Q&A: Can hunters help monitor scavengers?

By Joshua Rapp Learn

A coyote sniffs at a carcass in western Montana. Credit: MPG Ranch

A video of bobcats and coyotes tearing into a bloody, rotting carcass isn’t usually inspirational. But when researchers Katharine Stone and Michael McTee were looking to learn more about the scavenger community of western Montana, they realized their fascination was shared.

It turns out non-scientists adore seeing animals dig their faces into gore as much as we do,” said TWS member McTee, a biologist at MPG Ranch, a private ranch in Montana working to improve wildlife habitat.

Michael McTee is a biologist at MPG Ranch. Credit: Jordan Hoffmaster

In a recent research published recently in the Journal of Wildlife Management, McTee and Stone, also a biologist at MPG Ranch, asked volunteer hunters to help set up remote cameras around carcasses and offal in western Montana. They also set up trail cameras themselves around elk (Cervus canadensis) remains at MPG Ranch left over after hunts to monitor the scavenger species that came by for a meal.

To learn more about how hunters can help monitor scavenger communities, The Wildlife Society connected with McTee for our latest Q&A.

What inspired you to task hunters with tracking scavengers?

My co-author on this study, Katharine Stone, had previously recruited landowners in Montana’s Bitterroot Valley to monitor carcasses placed on their properties. The goals were to re-sight tagged bald (Haliaeetus leucocephalus) and golden eagles (Aquila chrysaetos) at the carcasses and engage the community with conservation-oriented research that showcased the ecological value of scavengers on private lands.

Remote cameras photographed fleets of eagles perched atop ribcages, some wearing wing tags, GPS transmitters or leg bands. But the cameras revealed so much more. They recorded a bobcat (Lynx rufus) sharing a carcass with a coyote (Canis latrans), a startling number of deer sniffing carrion, and a scattering of uncommon scavengers. Perhaps best of all, the photos filled the landowners with a sort of ecological glee, propelling them into scavenger advocacy.

With roughly 12 million hunters leaving boot prints across the many habitats spanning the United States, we thought a similar program might catapult scavengers toward the limelight.

Why is it important to monitor scavengers?

Scavengers offer waste management services at no charge. They devour flesh that might team with pathogens. They transfer nitrogen, phosphorous and other nutrients from the dead to the living. Many scavengers are also top predators that play vital ecological roles and are culturally valued. Yet, many species of scavengers—particularly vultures—have suffered from unintentional poisonings and widespread die-offs.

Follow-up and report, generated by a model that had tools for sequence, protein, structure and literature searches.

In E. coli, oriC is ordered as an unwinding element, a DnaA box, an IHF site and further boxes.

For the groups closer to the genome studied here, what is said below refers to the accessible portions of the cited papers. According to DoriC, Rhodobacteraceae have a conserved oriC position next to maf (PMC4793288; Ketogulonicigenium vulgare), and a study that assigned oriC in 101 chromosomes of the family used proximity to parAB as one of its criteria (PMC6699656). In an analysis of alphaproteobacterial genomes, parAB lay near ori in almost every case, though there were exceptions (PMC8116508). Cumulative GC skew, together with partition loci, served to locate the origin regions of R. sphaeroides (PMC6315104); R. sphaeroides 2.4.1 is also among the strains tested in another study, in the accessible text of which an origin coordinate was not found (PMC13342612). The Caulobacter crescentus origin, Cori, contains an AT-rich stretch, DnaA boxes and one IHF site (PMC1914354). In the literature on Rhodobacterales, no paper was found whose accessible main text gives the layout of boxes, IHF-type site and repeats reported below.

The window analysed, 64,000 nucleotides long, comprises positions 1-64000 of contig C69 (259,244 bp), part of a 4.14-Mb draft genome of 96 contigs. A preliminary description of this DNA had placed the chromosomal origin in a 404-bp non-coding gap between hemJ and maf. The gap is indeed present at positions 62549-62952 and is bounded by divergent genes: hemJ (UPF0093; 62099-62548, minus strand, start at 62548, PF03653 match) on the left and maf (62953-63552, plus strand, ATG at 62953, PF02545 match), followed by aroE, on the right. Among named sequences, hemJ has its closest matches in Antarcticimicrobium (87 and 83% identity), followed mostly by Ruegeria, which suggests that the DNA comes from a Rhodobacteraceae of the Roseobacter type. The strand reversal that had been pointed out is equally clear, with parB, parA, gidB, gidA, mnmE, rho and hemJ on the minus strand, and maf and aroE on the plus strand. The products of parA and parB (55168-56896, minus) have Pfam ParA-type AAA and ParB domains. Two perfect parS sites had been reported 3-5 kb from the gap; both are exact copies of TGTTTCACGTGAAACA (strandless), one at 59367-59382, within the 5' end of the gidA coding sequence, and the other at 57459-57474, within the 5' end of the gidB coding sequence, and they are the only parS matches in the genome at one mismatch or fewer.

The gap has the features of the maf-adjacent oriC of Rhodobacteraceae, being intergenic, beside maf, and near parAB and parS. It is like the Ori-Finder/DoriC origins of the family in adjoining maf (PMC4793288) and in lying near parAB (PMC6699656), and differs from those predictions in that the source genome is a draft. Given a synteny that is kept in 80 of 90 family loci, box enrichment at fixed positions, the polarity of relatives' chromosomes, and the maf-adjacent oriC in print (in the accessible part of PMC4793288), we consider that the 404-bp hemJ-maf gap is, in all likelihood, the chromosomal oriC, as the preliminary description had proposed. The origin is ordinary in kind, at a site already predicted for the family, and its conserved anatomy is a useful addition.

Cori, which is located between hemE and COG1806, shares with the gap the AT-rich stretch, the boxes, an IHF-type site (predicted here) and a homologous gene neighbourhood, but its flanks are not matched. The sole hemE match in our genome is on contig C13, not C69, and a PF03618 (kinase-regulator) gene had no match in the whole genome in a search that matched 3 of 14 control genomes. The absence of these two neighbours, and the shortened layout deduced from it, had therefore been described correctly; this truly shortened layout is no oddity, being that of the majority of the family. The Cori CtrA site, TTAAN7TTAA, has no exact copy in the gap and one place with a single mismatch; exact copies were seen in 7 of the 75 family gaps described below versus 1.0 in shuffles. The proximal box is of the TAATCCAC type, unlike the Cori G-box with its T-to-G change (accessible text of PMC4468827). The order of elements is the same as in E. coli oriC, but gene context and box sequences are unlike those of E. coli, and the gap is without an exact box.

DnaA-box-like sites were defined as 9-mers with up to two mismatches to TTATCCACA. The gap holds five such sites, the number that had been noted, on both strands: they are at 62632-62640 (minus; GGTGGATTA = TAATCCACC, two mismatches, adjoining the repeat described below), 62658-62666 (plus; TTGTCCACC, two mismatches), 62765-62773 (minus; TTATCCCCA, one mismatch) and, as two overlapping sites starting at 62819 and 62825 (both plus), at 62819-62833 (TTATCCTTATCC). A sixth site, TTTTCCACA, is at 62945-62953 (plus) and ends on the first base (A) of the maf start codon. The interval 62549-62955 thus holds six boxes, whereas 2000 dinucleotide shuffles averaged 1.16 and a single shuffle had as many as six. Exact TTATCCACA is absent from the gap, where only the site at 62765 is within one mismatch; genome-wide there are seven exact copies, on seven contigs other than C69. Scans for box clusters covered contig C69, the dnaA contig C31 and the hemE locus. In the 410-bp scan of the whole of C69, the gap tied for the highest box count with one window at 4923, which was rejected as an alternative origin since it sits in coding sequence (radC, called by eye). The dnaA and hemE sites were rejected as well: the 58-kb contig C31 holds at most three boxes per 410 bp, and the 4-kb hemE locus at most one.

How could hunters help monitor scavengers?

It’s easy—hunters can hang game cameras to watch the offal and carcasses they leave behind. Just be safe when returning to the kill site! Many scavengers carry weaponry in the form of claws and canine teeth.

When hunters sort through the hundreds—if not thousands—of photos and uncover noteworthy observations, they can share the images. For marked birds, the National Bird Banding Lab would be my first stop. For uncommon mammals, such as wolverines (Gulo gulo), wolves (Canis lupus), or fishers (Pekania pennanti), I’d connect with a local biologist. The observations could also be uploaded to eBird, iNaturalist, or social media, where naturalists will be delighted to watch a golden eagle fill its crop with elk liver.

Researchers were surprised to find that deer often approached and sniffed carcasses. Credit: MPG Ranch

How could hunter efforts help wildlife management?

The foundation of wildlife management—or science, in general—starts with making observations and asking questions. With the help of hunters, wildlife managers will never be short on observations. In our study, deer and elk approached carrion at 42% of the sites. Why did ungulates find dead animals so appealing? We aren’t sure. But as chronic wasting disease grips new regions, the observations stress the importance of proper carcass disposal.

Hunters also tromp to far-flung places, whether in deep woods, across lonely agricultural fields, or up shale-covered mountains. It’d be tough for a team of biologists to find the time—and grant money—to reach a similar swath of environments. With enough hunters contributing observations, biologists might see a heightened detection of rare and elusive predators.

Raptors fight over a carcass. Credit: MPG Ranch

Would there be any conservation implications?

We hope our monitoring program and others like it will build enthusiasm for scavengers. When we ran our study, participants were thrilled to plug in their SD cards and see which animals lurked at their hunting spot. Hunters often reached out with questions about raptor identification or lead poisoning. They saw how a successful hunt fed not only their families but also a wealth of wildlife.

This article features research that was published in a TWS peer-reviewed journal. Individual online access to all TWS journal articles is a benefit of membership. Join TWS now to read the latest in wildlife research.

Joshua LearnJoshua Rapp Learn is a science writer at The Wildlife Society. Contact him at jlearn@wildlife.org with any questions or comments about his article.

Read more of Joshua's articles.


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